Save the Daylight!

As a reminder, Daylight Saving Time begins Sunday, March 8th. In the US, Daylight Saving Time starts on the second Sunday in March of each year and ends the first Sunday in November of each year.

You may have asked yourself, “Why do we put ourselves through this every year, and why does daylight need saving, anyway?” And if so, I am here to help provide some answers! Daylight Saving Time (the proper name for this spring-and-fall clock change thing) is all about longer summer days. And living on or near a lake, who doesn't appreciate longer summer days?!. The "saving" comes in because, with an early sunrise, people generally sleep through part of their lovely summer day, in effect wasting daylight (in fact, "The Waste of Daylight" was the name of a 1907 booklet handed out by William Willet, an early proponent of Daylight Saving Time).

The Daylight Saving Time 2015 time change is fairly simple: Most anything computerized, from a cell phone to a laptop, jumps ahead all on its own. Most other watches and clocks need to be reset manually, so we can inevitably forget to change one and confuse ourselves the next day.  But even with this slight inconvenience, we have it pretty easy -- in 1916, the first implementation of Daylight Saving Time in England consisted adding 20 minutes every Sunday in April. Less of a shock to the system, I suppose, but then it's no surprise that the month-long ordeal was ultimately changed to a single time change in March instead.

Since the 1970s, energy conservation has been the primary reason for the summer time change -- later daylight means we turn on the lights later, saving energy. The 2015 time change will be observed in different parts of the world, though not at the same times. The European Union, for example, springs forward on the last Sunday in March on the 29th, so you'll have to subtract an hour from the time difference for three weeks, unless you live in Hawaii, one of the US territories, or Arizona in which case there is no 2015 time change. Well except for the Arizona Navajo Nation community which does observe daylight saving time.  Simple, right? 

And if it seems like Daylight Saving Time starts early every year, you're right -- sort of. Beginning in 1986, Daylight Saving Time started on the first Sunday in April and ended on the last Sunday in October. But in 2007, Congress revised the dates to the current March-November calendar in order to extend the energy savings gleaned from earlier rising.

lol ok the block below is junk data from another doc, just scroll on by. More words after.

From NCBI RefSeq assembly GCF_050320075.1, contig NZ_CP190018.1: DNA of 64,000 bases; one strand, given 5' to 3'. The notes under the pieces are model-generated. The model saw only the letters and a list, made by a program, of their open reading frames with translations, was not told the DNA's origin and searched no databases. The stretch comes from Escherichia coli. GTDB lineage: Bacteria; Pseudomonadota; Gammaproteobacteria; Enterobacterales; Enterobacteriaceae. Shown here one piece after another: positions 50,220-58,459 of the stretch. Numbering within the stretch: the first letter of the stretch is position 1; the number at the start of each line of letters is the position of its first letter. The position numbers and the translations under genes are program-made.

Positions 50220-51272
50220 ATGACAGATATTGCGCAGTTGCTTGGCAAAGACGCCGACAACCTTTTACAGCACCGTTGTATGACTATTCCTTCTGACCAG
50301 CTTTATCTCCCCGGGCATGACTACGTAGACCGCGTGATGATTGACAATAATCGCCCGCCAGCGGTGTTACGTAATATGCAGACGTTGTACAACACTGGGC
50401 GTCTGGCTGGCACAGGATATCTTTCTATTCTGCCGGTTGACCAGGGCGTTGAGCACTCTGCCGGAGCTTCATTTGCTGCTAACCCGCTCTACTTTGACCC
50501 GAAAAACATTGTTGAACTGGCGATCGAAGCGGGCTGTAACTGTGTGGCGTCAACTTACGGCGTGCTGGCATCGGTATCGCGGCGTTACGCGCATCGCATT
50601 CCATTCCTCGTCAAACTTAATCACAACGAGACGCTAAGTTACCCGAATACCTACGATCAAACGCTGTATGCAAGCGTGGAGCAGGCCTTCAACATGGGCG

So come this Sunday March 8th morning as you struggle to wake up from the effect of losing that extra hour of precious sleep – keep in mind that we always seem to adjust, overcome and forget about the time change ... at least until November.

How will you spend your extra hour?

Public Meeting: Big SeaTac Airport Expansion Plans

The community is urged to come learn about the “Sustainable Airport Master Plan” designed to address and accommodate the expansion plans for the future of Sea-Tac Airport at an Open House on Wednesday, March 4 from 5 until 7 PM.  The location is Mount Rainier High School at 22450 19th Ave. S. in Des Moines.

At earlier meetings, Port Officials had revealed plans for huge expansion options to adapt to the expected boom in passengers over the next 20 years. Announcements were made regarding a new International Arrivals Facility planned for 2019, but that is only the beginning. Also on the drawing board are plans for 35 more airplane gates added to the north and south of the airport’s 81 current gates, and potentially an additional new passenger terminal. Further details on the expansion plans may be viewed at the Seattle Times Website

At this open house, you will hear from Port of Seattle staff and consultants about proposed concepts for sustainably accommodating forecast increases in air travel demand at Sea-Tac, and have an opportunity to share your ideas.

According to the Port, this long-term blueprint for airport development is called Sea-Tac’s Sustainable Airport Master Plan. It aims to meet the needs of the traveling public over the next 20 years in a way that takes the most sustainable approach possible. This includes reducing environmental impacts, ensuring economic performance and working with local communities. The plan covers airfield development within the current three-runway configuration, terminal development, roadway improvements, cargo and facility modernization and expansion possibilities. Impetus for this planning effort is continued strong passenger growth at the airport, which served more than 37 million passengers in 2014. Forecasts show this figure could be 52 million in 2024 and 66 million in 2034.

In addition to forecasting, this planning process is taking stock of current facilities, infrastructure, operations and passenger levels, and looking at scenarios that are five, 10 and 20 years in the future. It includes air quality, energy and water conservation, recycling and other strategic environmental goals, and will align with the port’s Century Agenda sustainability and energy efficiency goals. Completion of the plan will make Sea-Tac the first large hub U.S. airport to fully incorporate sustainability as a key master planning component.

Along with the future demand forecast and some early concepts for meeting the demand, the March 4 presentations will explain the process for creating and evaluating concepts and selecting the preferred choice or choices. An environmental review process—including public involvement — is scheduled for 2016, before the plan is finalized.

When Disaster Calls - How Will You Resond?